Non-pharmacological interventions to reduce restrictive practices in adult mental health inpatient settings: the COMPARE systematic mapping review

Baker, John, Berzins, Kathryn, Canvin, Krysia, Benson, Iris, Kellar, Ian, Wright, Judy, Rodriguez Lopez, Rocio, Duxbury, Joy, Kendall, Tim and Stewart, Duncan (2021) Non-pharmacological interventions to reduce restrictive practices in adult mental health inpatient settings: the COMPARE systematic mapping review. Health Services and Delivery Research, 9 (5). pp. 1-218. ISSN 2050-4349

[img]
Preview
Text
3036042.pdf - Published Version
Available under License Creative Commons Attribution 4.0.

Download (3MB) | Preview
Official URL: https://doi.org/10.3310/hsdr09050

Abstract / Description

Objectives
The study aimed to provide a mapping review of non-pharmacological interventions to reduce restrictive practices in adult mental health inpatient settings; classify intervention components using the behaviour change technique taxonomy; explore evidence of behaviour change techniques and interventions; and identify the behaviour change techniques that show most effectiveness and those that require further testing.

Background
Incidents involving violence and aggression occur frequently in adult mental health inpatient settings. They often result in restrictive practices such as restraint and seclusion. These practices carry significant risks, including physical and psychological harm to service users and staff, and costs to the NHS. A number of interventions aim to reduce the use of restrictive practices by using behaviour change techniques to modify practice. Some interventions have been evaluated, but effectiveness research is hampered by limited attention to the specific components. The behaviour change technique taxonomy provides a common language with which to specify intervention content.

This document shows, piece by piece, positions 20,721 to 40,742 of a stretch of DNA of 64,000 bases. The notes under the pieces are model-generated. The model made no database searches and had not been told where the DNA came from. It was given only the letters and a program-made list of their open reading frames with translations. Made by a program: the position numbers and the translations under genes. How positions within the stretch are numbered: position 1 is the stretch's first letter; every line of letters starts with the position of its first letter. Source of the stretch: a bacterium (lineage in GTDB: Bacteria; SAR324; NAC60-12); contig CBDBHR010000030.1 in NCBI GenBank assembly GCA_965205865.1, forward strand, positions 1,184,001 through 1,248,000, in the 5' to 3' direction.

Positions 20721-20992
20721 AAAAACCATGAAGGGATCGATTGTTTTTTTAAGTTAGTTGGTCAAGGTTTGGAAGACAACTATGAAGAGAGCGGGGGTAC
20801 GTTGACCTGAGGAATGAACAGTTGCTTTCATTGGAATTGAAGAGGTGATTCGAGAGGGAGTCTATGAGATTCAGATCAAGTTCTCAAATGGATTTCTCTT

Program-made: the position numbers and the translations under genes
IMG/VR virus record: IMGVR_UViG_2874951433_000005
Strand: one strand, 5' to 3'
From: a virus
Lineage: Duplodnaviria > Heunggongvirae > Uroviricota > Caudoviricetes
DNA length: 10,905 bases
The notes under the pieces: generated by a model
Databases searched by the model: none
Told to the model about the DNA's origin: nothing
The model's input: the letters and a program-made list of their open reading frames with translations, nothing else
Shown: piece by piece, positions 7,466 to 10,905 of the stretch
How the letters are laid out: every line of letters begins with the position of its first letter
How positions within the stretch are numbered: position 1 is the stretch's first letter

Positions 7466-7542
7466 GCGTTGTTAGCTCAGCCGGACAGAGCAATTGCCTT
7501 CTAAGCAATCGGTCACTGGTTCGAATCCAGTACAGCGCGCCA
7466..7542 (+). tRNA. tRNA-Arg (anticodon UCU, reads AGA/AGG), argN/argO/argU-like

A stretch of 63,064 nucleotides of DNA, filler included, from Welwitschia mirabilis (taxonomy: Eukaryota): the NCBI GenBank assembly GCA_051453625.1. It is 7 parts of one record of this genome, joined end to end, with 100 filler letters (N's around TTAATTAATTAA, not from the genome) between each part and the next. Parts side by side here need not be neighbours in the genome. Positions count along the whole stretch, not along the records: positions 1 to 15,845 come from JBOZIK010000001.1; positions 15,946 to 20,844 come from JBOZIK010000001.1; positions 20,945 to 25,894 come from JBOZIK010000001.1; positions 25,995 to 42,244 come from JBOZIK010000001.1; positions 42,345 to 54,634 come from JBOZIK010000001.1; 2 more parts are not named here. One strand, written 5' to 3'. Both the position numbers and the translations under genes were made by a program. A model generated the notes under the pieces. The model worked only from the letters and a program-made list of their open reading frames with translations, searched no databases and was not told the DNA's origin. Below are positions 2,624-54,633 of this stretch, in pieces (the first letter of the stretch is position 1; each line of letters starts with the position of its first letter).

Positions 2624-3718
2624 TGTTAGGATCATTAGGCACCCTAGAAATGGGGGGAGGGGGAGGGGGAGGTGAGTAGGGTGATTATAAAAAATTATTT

Design
Systematic mapping study and analysis.

Data sources
English-language health and social care research databases, and grey literature, including social media. The databases searched included British Nursing Index (BNI), Cumulative Index to Nursing and Allied Health Literature (CINAHL), Cochrane Central Register of Controlled Trials (CCRCT), Cochrane Database of Systematic Reviews (CDSR), Database of Abstracts of Reviews of Effects (DARE), EMBASE, Health Technology Assessment (HTA) Database, HTA Canadian and International, Ovid MEDLINE®, NHS Economic Evaluation Database (NHS EED), PsycInfo® and PubMed. Databases were searched from 1999 to 2019.

Review methods
Broad literature search; identification, description and classification of interventions using the behaviour change technique taxonomy; and quality appraisal of reports. Records of interventions to reduce any form of restrictive practice used with adults in mental health services were retrieved and subject to scrutiny of content, to identify interventions; quality appraisal, using the Mixed Methods Appraisal Tool; and data extraction, regarding whether participants were staff or service users, number of participants, study setting, intervention type, procedures and fidelity. The resulting data set for extraction was guided by the Workgroup for Intervention Development and Evaluation Research, Cochrane and theory coding scheme recommendations. The behaviour change technique taxonomy was applied systematically to each identified intervention. Intervention data were examined for overarching patterns, range and frequency. Overall percentages of behaviour change techniques by behaviour change technique cluster were reported. Procedures used within interventions, for example staff training, were described using the behaviour change technique taxonomy.